There was no difference between me and that dog we all know who didn’t get to meet other dogs in her socialisation period and was now standing at the edge of the dog park with a well-meaning parent.
Treatment strategies: flooding or counterconditioning?
Now my teachers had two choices. The first was to spend some time catching me up from where I’d left off and showing me that it was no big deal… at my pace. The second was to, in very real terms, throw me in the deep end where the other kids already were and were having a whale of a time. They chose the latter. I’d get used to it. They all did.
Except I didn’t.
All the kids loved running and jumping into the pool as far as they could from the shore. This was the highlight of every swimming lesson. They’d screech with delight, leap like a gazelle, land with an almighty splash, disappear for a second under the current, reappear at the other side, clamber out and sneakily run back to get another leap before it was time to change back into uniform.
I hated it. I was petrified. I’d join the line with the kids — all my friends too— but I’d slither back and let every kid go before me. I showed every possible sign of avoidance at my disposal, except I wasn’t allowed to leave. Eventually there was nobody left in the queue. All the kids would be watching. I’d run to the edge. And stop. At this point, my teacher would push me in. He did this every single time. Surely it was a matter of time before I learnt that it wasn’t a big deal! Why wouldn’t I when I could see that it was so much fun for everyone else?
A phobia for life
I skived. I’d write fictitious notes about imaginary colds from my mother excusing me from swimming class. I’d casually forget my swimwear at home. My parents tried to help. They bought me the most expensive swimwear a kid could possibly get. I had two Speedo caps to make sure not one drop of water could enter my ears. I had custom-fitted airtight goggles. My friends envied my swimming gear.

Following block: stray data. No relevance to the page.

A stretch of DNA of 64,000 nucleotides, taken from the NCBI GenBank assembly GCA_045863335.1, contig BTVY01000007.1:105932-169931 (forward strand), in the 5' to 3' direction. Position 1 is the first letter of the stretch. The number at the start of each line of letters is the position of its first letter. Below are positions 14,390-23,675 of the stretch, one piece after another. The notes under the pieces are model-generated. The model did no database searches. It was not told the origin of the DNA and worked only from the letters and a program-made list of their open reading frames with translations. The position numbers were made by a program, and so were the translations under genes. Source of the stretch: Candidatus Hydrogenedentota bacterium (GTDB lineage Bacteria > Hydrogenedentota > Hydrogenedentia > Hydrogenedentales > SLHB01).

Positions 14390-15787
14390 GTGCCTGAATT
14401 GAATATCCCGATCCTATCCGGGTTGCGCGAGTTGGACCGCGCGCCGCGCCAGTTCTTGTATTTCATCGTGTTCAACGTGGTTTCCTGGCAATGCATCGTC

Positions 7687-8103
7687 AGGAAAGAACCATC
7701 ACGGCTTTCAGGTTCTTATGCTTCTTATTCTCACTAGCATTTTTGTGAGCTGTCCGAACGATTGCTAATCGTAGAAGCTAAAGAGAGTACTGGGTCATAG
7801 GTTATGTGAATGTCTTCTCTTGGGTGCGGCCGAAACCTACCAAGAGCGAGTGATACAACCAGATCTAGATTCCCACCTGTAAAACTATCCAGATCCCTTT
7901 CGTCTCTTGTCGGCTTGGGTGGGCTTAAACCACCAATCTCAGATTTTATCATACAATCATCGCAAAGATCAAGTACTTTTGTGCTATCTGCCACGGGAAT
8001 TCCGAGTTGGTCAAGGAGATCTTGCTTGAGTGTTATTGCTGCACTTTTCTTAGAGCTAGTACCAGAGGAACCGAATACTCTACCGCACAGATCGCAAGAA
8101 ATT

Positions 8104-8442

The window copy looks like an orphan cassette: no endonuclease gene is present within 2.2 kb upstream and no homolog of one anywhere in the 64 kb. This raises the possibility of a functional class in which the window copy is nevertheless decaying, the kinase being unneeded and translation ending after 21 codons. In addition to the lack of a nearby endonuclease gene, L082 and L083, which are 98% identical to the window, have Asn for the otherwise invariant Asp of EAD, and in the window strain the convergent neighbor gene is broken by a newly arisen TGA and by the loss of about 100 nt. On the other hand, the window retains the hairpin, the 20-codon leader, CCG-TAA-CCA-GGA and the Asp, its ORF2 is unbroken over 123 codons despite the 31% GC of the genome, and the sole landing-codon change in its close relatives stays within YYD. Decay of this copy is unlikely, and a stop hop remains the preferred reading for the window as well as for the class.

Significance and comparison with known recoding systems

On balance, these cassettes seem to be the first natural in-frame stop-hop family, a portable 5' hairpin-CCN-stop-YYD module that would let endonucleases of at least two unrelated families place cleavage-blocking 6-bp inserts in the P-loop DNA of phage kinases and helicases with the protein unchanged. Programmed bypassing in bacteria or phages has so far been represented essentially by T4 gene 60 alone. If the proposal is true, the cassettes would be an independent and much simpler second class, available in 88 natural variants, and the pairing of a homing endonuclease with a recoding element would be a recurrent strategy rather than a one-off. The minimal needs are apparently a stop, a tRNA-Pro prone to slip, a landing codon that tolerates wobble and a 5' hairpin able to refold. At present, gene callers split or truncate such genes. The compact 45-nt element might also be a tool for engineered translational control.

Retrospectively, it was not unlike sending a petrified dog to the backroom of the vets for a cuddle to show him that nothing would happen and giving him the best possible diamond-studded collar on the market to make the point.
I’d wake up on Wednesday mornings with a pit in my stomach, dreading my swimming classes later that afternoon. I learnt nothing in school during the day. My snazzy swimwear made me feel worse. How could I possibly be such a wimp when my parents went the extra mile to help me?
But did this method work for other kids? Yeah. Were there kids who figured out how to swim when the teacher pushed them into the 5 foot pool? Yes! Did it work for me? No.
I am now thirty years old. I have 25 patents and patent applications in my name. I have won nationwide awards for my contributions to industry. I am coherent and more or less socially well-adjusted. But I am petrified of swimming. The smell of chlorinated water makes my stomach churn and I am six again. That is the definition of a negative conditioned emotional response, or a -CER for short. That’s what Beanie had every day he sat up excitedly in the car only to realise that he was looking at the doors of the vet clinic.
I have taken myself to swimming classes since but it never happened. I start swimming because I physically now know how to but my legs sink behind me and the water rises above my eyes. It’s not an environment where I feel good anymore.
Why does this matter?
It isn’t anthropomorphisation to see the parallels here between my fears and my dog’s fears. I’m hoping that by sharing my relatable story, someone reading this will see the flaw in the way we sometimes treat our scared dogs. What could have been three to six months of one-to-one coaching and a lifelong passion to enjoy a holiday in the Bahamas has been turned into a lifelong phobia of the swimming pool by misled teachers who genuinely believed I’d “get used to it”.
I’m not saying flooding and blind courage never works. It’s easy and it does work. But it’s a dangerous gamble to take. And a completely unjustified one when there is a much more guaranteed way using proper desensitisation and counter-conditioning at or under threshold.
Let’s respect our dogs’ feelings much like that six year old girl at the swimming pool would have liked her feelings respected too.